Value Creation and Value Capture in Corporate Governance

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Value Creation and Value Capture in Corporate Governance: Using the Value-Based Approach to Analyze an Ownership Reform of China’s Listed Firms Nan Jia Marshall School of Business University of Southern California Jing Shi School of Finance, Actuarial Studies and Applied Statistics Faculty of Economics and Commerce Australian National University Yongxiang Wang Marshall School of Business University of Southern California

Abstract We have followed the value-based approach to investigate a major corporate governance reform affecting publically listed firms in China. The regulations required that, in each firm, the owners of non-tradable shares (block shareholders) negotiate with the owners of tradable shares (minority shareholders) to determine the compensation paid to the latter for allowing non-tradable shares to trade on the stock market. If such an agreement is not obtained, the firm is forbidden to use equity refinancing in the future. The present study emphasizes the joint effect of value creation and value capture in determining the level of compensation, and finds that firms that expect to generate higher returns from future investments but face greater constraints in seeking non-equity-based financing tend to issue higher levels of compensation. This joint effect is further moderated by factors related to investment returns and corporate governance. The empirical evidence lends strong support to theoretical predictions. This study has important implications for corporate governance in emerging markets, and the application of the value-based approach to corporate governance research in general. Keywords: Value-Based Approach, Corporate Governance, Liquidity Reform, Bargaining, China *Contact: Nan Jia, Marshall School of Business, University of Southern California, Email: nan.jia@marshall.usc.edu, Tel: 213-740-1045; Yongxiang Wang, Marshall School of Business, University of Southern California, Email: yongxiaw@marshall.usc.edu, Tel: 213-740-7650. Acknowledgements: We would like to thank Olivier Chatain, Gabriel Natividad, Victor Bennett, and Joanne Oxley for their helpful comments.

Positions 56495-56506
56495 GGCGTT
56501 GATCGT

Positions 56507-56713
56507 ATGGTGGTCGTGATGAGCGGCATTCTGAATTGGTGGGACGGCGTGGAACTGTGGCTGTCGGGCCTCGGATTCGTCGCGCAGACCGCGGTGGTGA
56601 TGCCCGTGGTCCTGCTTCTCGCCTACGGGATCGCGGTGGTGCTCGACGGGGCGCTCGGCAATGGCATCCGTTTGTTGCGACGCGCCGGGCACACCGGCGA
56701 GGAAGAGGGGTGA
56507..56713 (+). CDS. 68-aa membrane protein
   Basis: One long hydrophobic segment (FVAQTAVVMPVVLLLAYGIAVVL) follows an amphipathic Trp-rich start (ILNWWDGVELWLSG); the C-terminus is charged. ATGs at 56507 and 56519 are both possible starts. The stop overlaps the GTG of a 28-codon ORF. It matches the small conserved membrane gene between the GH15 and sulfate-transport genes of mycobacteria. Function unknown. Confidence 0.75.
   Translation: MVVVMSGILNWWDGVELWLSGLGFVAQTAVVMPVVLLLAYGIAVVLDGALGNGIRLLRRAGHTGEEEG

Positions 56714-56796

Electronic copy available at: http://ssrn.com/abstract=2171355

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1. Introduction Value creation and value appropriation are central to the question of how economic actors cooperate in value-producing activities and then compete to divide the value created – a phenomenon that is fundamental to business strategy (MacDonald and Ryall, 2004; Gans, MacDonald, and Ryall, 2008; Chatain and Zemsky, 2011). To address this question, a rapidly growing body of research supports a value-based approach based on formal modeling (Brandenburger and Stuart, 1996, 2007; MacDonald and Ryall, 2004). The value-based approach has proven to be powerful tools for advancing our understanding of a wide range of topics in strategic management, such as market competition (MacDonald and Ryall, 2004; Gans et al., 2008), firms’ resource advantages (Lippman and Rumelt, 2003), buyer-supplier relationships (Chatain and Zemsky, 2007; Chatain, 2011; Jia, forthcoming), firms’ sustainable competitive advantages (Adner and Zemsky, 2006), social network positions (Ryall and Sorenson, 2007), and team organization (Bennett, 2012). What has escaped researchers’ attention so far is to employ the value-based approach to advance our understanding of corporate governance issues. As one of the most investigated field in strategic management, corporate governance research focuses on how various governance structures align the incentives of all types of stakeholders (Daily, Dalton, and Rajagopalan 2003; Walls, Berrone, and Phan, 2012). Although theoretically speaking, inherent to many corporate governance issues is the tension between value creation and value capture, as stakeholders design corporate governance arrangements essentially both to incentivize all parties to work hard to increase the overall firm value, and to assist their competition with other stakeholders...
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